Tarred and Feathered : Mormons, Memory, and Ritual Violence
Salt Lake City, UT
University of Utah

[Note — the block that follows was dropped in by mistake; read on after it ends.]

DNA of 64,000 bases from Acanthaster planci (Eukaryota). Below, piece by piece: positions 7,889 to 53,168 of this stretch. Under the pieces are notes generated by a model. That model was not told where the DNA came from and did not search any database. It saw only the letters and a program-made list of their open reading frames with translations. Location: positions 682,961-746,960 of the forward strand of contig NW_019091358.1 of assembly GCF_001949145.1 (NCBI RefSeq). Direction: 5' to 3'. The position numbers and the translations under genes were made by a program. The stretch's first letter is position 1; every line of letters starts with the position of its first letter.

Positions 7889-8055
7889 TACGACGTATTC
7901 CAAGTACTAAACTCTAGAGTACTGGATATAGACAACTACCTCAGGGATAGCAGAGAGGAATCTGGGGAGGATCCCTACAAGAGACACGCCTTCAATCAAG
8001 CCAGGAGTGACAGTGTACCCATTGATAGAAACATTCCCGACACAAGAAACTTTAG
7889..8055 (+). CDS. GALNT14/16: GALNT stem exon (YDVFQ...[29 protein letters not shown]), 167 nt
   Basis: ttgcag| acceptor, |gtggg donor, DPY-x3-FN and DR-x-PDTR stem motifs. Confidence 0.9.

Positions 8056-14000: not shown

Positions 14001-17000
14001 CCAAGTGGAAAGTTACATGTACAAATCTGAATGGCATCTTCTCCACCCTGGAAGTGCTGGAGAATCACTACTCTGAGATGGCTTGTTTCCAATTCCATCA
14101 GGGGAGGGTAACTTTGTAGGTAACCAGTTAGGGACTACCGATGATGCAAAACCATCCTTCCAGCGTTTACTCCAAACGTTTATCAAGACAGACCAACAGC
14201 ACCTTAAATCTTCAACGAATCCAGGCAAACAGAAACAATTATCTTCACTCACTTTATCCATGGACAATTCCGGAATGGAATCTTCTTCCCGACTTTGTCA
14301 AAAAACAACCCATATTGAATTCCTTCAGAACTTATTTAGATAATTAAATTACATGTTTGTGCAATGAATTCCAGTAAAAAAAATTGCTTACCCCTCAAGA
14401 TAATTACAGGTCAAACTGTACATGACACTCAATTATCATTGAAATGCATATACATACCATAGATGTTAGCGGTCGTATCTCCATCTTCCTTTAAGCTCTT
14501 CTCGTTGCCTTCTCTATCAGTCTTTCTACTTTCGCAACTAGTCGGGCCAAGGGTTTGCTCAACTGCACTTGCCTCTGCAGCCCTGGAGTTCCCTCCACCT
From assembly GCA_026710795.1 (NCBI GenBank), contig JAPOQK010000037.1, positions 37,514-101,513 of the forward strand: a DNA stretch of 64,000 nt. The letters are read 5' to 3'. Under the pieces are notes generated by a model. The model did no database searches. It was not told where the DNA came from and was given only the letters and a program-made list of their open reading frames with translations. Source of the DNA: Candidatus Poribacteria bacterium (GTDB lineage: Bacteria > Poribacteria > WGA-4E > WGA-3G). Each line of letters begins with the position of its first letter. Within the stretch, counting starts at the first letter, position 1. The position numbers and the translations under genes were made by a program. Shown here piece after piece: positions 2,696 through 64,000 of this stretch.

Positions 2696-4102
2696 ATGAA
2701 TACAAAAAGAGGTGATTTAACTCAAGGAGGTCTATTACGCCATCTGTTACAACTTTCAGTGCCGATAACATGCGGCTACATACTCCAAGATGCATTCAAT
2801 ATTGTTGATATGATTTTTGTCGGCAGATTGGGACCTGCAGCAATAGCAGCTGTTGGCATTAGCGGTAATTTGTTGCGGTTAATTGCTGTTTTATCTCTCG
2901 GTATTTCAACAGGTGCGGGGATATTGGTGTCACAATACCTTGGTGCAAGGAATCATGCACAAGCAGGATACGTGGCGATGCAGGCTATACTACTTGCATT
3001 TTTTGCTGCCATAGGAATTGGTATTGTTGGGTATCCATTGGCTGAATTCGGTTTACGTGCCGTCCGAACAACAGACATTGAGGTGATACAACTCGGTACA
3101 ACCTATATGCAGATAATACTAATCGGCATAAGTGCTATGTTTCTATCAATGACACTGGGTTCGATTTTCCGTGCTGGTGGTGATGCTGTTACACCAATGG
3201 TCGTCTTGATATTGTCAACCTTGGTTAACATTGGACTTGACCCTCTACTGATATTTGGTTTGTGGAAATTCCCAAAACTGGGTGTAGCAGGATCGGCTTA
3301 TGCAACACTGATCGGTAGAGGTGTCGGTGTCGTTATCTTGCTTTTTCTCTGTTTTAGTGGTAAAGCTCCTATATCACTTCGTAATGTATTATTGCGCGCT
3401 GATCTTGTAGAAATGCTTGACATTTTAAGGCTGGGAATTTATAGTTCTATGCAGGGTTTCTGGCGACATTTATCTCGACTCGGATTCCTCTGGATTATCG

During the nineteenth century Mormons were attacked and persecuted for their religious, social, and political differences. Tar-and-feathering was a ritual of violence used against Mormons, and remains a central part of the Mormon persecution narrative. This thesis explores the origins and meaning of tar-and-feathering. During the Revolutionary War Americans used tar-and-feathers as a way to intimidate and attack, while simultaneously branding opponents as outsiders. During the mid-nineteenth century, people who violated social, political, or moral norms were tar-and-feathered by groups attempting to enforce community morals. In like manner, Mormons were tar-and-feathered by their opponents in Ohio, Missouri, Mississippi, and Alabama. This thesis analyzes the context and aftermath of the attacks and places them within the broader history of tar-and-feathering in America. Opponents of Mormonism wished to convey to Mormons and the surrounding public a violent message of displeasure in response to perceived violations of communal values. Mormons took the message and integrated the attacks into a persecution narrative that played a role as Mormons' separated themselves from the rest of the United States. In the retelling, details disappeared and generalizations replaced specificity to the point that tar-and-feathering became cultural persecution discourses that loomed large in Mormon memory, well beyond their historical proportions.